Andrew Reed, Chief Executive

About Andrew

Andrew was appointed Chief Executive of the Royal College of Surgeons of England in 2015 after nearly 35 years’ experience in NHS management. Born and brought up in Sunderland, he was only the fourth member of his family to attend university, and the first at Oxbridge. He joined the NHS as a graduate management trainee and worked in all sectors of the NHS. He was a Chief Executive for twelve years, including at Bedford Hospital (2001–5) and Ipswich Hospital (2005-12), before holding senior posts for NHS England in East Anglia and the West Midlands. He lives in Suffolk with his wife and three daughters.

Nuha Yassin
Miss Nuha Yassin, Council member
‘I would like to congratulate the Royal College of Surgeons of England and Professor Neil Mortensen for looking in the mirror. I would also like to extend my thanks to Baroness Helena Kennedy and the team for conducting the independent review into Diversity, Equality and Inclusivity within the College. I am honoured to be part of the core team who are working on the implementation of the recommendations set out by the Kennedy report. It is clear that the College has looked deeply into EDI matters, which is vital if we want to get it right the first time, as substance and content are key in achieving our aims, rather than speed of action.

It is important to highlight that this work is only the beginning - we plan to go beyond the recommendations and focus on other groups such as LGBTQ+ and ethnic minority groups. It’s only when we are inclusive and welcoming to all diverse groups that we can change the face of surgery.’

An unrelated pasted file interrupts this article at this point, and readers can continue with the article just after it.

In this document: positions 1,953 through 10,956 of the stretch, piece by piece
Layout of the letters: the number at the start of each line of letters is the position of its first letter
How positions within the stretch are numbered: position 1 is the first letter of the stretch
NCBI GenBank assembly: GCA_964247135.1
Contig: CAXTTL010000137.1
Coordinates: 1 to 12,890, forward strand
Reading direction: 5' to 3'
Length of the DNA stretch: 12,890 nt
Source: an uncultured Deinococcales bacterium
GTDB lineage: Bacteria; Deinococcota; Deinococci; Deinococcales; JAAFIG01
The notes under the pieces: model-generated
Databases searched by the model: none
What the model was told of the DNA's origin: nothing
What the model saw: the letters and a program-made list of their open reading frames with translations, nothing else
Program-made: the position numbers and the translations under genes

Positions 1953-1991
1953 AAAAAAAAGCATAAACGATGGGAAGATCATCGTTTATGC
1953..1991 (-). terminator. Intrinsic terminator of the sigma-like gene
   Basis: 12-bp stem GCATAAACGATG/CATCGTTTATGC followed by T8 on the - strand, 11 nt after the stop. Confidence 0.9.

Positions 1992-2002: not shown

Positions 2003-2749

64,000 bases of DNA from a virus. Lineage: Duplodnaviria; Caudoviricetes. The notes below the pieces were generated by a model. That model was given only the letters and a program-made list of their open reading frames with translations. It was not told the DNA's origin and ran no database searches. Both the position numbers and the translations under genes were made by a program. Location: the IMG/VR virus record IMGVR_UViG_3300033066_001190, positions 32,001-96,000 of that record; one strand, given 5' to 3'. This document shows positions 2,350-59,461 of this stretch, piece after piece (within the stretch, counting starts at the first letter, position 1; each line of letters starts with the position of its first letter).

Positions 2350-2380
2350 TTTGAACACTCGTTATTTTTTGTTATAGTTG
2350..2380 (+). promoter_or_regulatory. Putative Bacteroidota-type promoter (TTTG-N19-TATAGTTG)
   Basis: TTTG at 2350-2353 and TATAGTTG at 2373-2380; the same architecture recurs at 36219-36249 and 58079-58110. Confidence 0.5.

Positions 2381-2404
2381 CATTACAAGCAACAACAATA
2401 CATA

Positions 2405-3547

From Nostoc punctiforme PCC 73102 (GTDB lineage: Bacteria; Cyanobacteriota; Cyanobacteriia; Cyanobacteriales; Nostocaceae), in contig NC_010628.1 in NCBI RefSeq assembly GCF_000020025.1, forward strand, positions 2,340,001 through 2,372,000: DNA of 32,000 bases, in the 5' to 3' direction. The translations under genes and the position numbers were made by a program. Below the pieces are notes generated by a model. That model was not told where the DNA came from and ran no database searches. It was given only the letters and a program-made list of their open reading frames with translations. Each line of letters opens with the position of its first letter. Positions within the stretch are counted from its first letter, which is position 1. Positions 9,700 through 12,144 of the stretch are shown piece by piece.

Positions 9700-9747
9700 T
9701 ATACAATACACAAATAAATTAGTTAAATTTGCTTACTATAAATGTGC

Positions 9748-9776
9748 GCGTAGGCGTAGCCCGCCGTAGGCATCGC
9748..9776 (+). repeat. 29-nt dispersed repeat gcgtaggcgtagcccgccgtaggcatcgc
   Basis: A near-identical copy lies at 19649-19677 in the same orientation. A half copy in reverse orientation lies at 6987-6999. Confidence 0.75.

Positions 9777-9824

Miss Nuha Yassin, Council member

About Nuha

Nuha Yassin is a Consultant Colorectal Surgeon and has been on the staff of the Royal Wolverhampton NHS Trust since September 2018. After qualifying from the University of Manchester in 2003, she trained in the North West, Yorkshire and West Midlands regions. Her postgraduate research experience was based at St Mark's Hospital in London where she obtained her PhD from Imperial College, London. Nuha is an elected Council Member of The Royal College of Surgeons of England (2021). She is passionate about all aspects of her work and personal life and truly believes that everyone has something amazing to contribute if given the chance.